Frankly, Scarlett, Retail Electricity Rates are Rising at Fastest Rate in Years

March 1, 2022
The nominal retail electricity price increase 4.3 percent to 13.72 cents per kWh in 2021. Adjusted for inflation, though, it's the lowest rate since 2006.

Sticker shock is not just for houses, automobiles and grocery items anymore. It's making history in the comfort of our homes, too.

The retail price of electricity paid by U.S. residential customer rose last year by the fastest rate in the previous 13 years, according to the federal Energy Information Administration.

The nominal retail electricity price increase 4.3 percent to 13.72 cents per kWh in 2021, the EIA reported. This increase is in line with last year’s inflation rate of 4.7 percent indicated by the U.S. Consumer Price Index.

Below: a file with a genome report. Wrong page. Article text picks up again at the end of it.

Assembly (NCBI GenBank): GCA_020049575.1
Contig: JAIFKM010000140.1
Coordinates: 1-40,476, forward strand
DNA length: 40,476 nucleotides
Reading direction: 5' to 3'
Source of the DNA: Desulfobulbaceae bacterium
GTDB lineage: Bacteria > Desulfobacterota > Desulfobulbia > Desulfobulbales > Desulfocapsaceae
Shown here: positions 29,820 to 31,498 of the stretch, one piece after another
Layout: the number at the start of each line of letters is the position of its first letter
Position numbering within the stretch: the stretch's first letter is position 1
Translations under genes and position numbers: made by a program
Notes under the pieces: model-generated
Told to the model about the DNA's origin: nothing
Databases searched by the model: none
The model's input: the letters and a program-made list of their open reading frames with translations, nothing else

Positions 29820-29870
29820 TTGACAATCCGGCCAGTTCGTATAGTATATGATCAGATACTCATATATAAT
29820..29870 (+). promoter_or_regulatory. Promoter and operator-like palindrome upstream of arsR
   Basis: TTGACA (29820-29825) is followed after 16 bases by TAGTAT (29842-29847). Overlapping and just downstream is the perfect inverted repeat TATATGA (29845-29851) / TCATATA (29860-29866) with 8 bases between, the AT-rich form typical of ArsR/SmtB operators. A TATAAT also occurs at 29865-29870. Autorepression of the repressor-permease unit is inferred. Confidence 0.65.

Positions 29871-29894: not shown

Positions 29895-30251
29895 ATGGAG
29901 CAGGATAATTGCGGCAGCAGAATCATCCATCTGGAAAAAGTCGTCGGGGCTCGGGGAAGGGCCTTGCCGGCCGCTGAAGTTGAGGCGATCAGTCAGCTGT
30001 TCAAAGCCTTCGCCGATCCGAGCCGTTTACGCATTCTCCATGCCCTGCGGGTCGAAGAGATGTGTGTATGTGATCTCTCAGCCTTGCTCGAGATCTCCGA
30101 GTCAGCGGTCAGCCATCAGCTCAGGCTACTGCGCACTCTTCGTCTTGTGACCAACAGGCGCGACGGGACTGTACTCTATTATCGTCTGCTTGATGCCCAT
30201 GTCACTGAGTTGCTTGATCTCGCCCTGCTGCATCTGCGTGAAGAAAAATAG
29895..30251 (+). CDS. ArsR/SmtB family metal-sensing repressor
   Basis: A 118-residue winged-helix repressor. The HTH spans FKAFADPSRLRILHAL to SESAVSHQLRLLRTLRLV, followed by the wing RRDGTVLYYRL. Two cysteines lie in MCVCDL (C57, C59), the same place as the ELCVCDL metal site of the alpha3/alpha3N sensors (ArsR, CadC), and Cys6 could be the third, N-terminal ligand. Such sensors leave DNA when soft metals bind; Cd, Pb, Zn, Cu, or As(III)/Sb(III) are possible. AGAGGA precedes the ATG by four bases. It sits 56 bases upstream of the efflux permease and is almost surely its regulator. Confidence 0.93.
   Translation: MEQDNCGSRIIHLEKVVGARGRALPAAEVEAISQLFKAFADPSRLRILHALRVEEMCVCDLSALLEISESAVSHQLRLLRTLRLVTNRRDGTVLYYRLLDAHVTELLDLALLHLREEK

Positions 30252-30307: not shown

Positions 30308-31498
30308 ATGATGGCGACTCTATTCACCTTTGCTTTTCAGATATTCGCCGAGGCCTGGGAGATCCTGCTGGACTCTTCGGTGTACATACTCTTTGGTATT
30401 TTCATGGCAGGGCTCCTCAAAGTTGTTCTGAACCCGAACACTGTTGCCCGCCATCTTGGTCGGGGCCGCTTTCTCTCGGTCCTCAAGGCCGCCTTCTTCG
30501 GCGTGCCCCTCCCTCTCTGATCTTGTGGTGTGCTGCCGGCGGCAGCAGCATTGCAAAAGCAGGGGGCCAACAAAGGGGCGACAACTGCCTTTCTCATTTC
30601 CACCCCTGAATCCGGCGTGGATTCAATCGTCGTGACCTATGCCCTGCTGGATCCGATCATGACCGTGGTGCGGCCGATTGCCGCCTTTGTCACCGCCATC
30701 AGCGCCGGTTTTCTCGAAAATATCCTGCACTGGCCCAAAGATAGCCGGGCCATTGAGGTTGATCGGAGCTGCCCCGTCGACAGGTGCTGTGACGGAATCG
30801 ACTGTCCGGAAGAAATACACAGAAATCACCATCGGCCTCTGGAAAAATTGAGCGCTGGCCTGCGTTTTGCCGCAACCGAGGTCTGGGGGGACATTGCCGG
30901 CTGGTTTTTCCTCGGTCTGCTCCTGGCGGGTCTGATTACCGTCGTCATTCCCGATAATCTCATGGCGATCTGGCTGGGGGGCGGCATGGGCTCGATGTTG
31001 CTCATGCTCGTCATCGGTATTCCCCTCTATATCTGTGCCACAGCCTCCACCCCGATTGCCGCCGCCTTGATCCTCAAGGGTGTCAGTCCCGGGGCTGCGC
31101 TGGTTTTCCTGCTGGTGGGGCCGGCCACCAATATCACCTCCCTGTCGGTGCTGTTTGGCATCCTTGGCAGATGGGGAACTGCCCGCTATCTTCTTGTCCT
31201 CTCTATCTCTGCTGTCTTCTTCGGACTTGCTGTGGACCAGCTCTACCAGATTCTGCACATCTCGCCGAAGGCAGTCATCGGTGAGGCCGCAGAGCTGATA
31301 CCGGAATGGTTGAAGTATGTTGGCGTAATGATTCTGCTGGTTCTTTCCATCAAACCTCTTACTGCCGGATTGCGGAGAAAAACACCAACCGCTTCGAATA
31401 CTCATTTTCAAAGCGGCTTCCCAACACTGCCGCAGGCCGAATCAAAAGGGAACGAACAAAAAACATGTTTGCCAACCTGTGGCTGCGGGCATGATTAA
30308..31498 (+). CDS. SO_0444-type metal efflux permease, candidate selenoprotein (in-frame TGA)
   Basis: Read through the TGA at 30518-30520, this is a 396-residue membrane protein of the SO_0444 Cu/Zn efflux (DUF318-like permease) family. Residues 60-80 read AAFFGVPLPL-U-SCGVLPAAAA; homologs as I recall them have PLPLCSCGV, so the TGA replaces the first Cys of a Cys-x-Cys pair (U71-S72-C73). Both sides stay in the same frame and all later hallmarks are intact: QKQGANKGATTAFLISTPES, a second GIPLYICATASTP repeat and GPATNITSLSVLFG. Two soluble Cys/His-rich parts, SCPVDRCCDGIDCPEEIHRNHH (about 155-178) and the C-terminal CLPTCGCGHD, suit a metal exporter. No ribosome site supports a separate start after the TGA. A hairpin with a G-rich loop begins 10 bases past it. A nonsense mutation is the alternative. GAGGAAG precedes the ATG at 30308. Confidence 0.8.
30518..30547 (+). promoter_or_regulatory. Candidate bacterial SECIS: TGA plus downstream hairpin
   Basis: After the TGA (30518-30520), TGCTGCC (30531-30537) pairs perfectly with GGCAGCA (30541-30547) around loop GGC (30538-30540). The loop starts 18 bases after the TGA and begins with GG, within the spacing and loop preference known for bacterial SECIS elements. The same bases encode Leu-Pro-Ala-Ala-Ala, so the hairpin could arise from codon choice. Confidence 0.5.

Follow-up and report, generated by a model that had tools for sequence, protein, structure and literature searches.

The cost of natural gas, which supplies close to 40 percent of the U.S. power generation mix, drove much of the elevation in retail electricity rates. Driven downward in previous years due to high supplies and the COVID-19 pandemic economic downturn, natural gas rallied in 2021 to $4.98 per million British thermal units (Btus) delivered to power plants.

Inflation is a tricky indicator sometimes, though, considering that overall U.S. prices rose at low rates for decades. The real price of the all time high of nearly 14 cents per kWh rate last year was actually the lowest level since 2006 when adjusted for inflation, according to the EIA. That's the same math that informs you "Gone with the Wind" is still the all-time Box Office leader and not  "Avatar" or "Avengers: Endgame" (but it gave us a good excuse to use movie art).

The agency forecasts that retail electricity rates will continue to rise in 2022, although at a slower rate of 3.9 percent to 14.26 cents per kWh.